Think for a moment about the origins of the various culinary and medicinal purposes to which plants have been put over the millennia. For every fruit, nut, leaf, berry, etc. that became food or medicine for us at some point in history or prehistory, somebody initially served as the “guinea pig.” That is, somebody in a particular tribe was the first to try ingesting taro root, for example (better known as elephant ears). Said guinea pig survived (in this case), and others followed suit. Through a less fortunate guinea pig, people learned that foxglove didn’t make for a very good snack!
Conversely, however, we eventually discovered that digitalis (an ingredient derived from foxglove) could aid those with heart problems. Of course, our use of medicinal plants isn’t always so dramatic; and edibles sometimes merely widen our array of culinary options, rather than providing us with staples. Thus the juice of yellow dock can relieve the rash caused by stinging nettles, while chicory can be used as a coffee substitute.
In pondering such discoveries, I can’t help but wonder at how different life must have been in those bygone ages. Nowadays, we dissect computer applications, trying to learn how they work. But in those days, the same amount of energy must have gone into discovering everything possible about our botanical neighbors. In the days before supermarkets and medical clinics, it behooved you to find out what was edible around you, what could be used to treat an injury on the spot. Whether it was edible weeds you could eat during a famine or plants that would staunch blood after a battle, such as yarrow, plant knowledge could save your life.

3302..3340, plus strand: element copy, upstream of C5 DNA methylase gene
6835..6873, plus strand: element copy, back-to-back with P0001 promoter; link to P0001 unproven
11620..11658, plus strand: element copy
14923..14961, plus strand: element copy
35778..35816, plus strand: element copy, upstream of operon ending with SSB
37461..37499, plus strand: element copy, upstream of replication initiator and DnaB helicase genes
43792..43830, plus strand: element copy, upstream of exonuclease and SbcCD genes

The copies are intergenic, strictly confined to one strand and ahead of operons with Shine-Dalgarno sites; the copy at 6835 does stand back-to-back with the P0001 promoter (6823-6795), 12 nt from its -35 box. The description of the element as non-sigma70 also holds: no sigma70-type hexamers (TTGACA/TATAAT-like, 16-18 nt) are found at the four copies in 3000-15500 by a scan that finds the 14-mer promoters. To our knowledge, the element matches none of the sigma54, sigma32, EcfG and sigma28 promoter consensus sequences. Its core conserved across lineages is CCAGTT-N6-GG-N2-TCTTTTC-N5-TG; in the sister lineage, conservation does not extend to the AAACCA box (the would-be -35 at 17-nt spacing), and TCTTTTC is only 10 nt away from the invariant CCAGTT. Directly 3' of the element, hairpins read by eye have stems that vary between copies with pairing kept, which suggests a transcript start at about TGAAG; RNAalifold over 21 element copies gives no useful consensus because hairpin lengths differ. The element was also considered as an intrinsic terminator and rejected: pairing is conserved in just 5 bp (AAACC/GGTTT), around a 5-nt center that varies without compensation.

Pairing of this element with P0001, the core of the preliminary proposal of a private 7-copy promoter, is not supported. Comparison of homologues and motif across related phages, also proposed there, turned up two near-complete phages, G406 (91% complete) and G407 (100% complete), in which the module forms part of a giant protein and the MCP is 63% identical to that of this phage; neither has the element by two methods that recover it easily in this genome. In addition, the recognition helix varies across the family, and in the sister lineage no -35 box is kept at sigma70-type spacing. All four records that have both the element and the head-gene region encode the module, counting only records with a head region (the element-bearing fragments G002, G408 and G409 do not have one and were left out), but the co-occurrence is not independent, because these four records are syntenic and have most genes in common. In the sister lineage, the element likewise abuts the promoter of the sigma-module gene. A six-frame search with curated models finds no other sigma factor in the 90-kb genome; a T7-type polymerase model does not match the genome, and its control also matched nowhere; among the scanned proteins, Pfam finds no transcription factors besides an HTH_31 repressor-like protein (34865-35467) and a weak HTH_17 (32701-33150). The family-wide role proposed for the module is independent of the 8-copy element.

Trees, of course, have been among our greatest benefactors in this regard. E.g., the “salic” in the technical name for aspirin, “acetylsalicylic acid,” derives from Salix, the name for the willow genus, which is aspirin’s ancient source (think Salix discolor, the adorable “pussy willow“). Trees are better known, however, for their culinary gifts. Let’s consider one fruit tree and one nut tree:
To gauge the impression apple trees have made on our taste buds, simply consider how celebrated they have been in legend and song (think Garden of Eden, Johnny Appleseed, Little Green Apples), in idioms and mottoes (“apple of my eye,” “an apple a day”), and even in the naming of companies (Apple Computers).
Less celebrated are the hickory trees. And no, it’s not all about the nuts. When I consider reasons to plant shagbark hickory trees in the yard, harvesting the nuts may actually come in third on the list. I’m most impressed with the solid standing this tree holds in the fall foliage community. Another feature that stands out is the shedding bark, which affords visual interest in the winter landscape.
You’d have to be nuts not to appreciate the aesthetic features of hickory trees!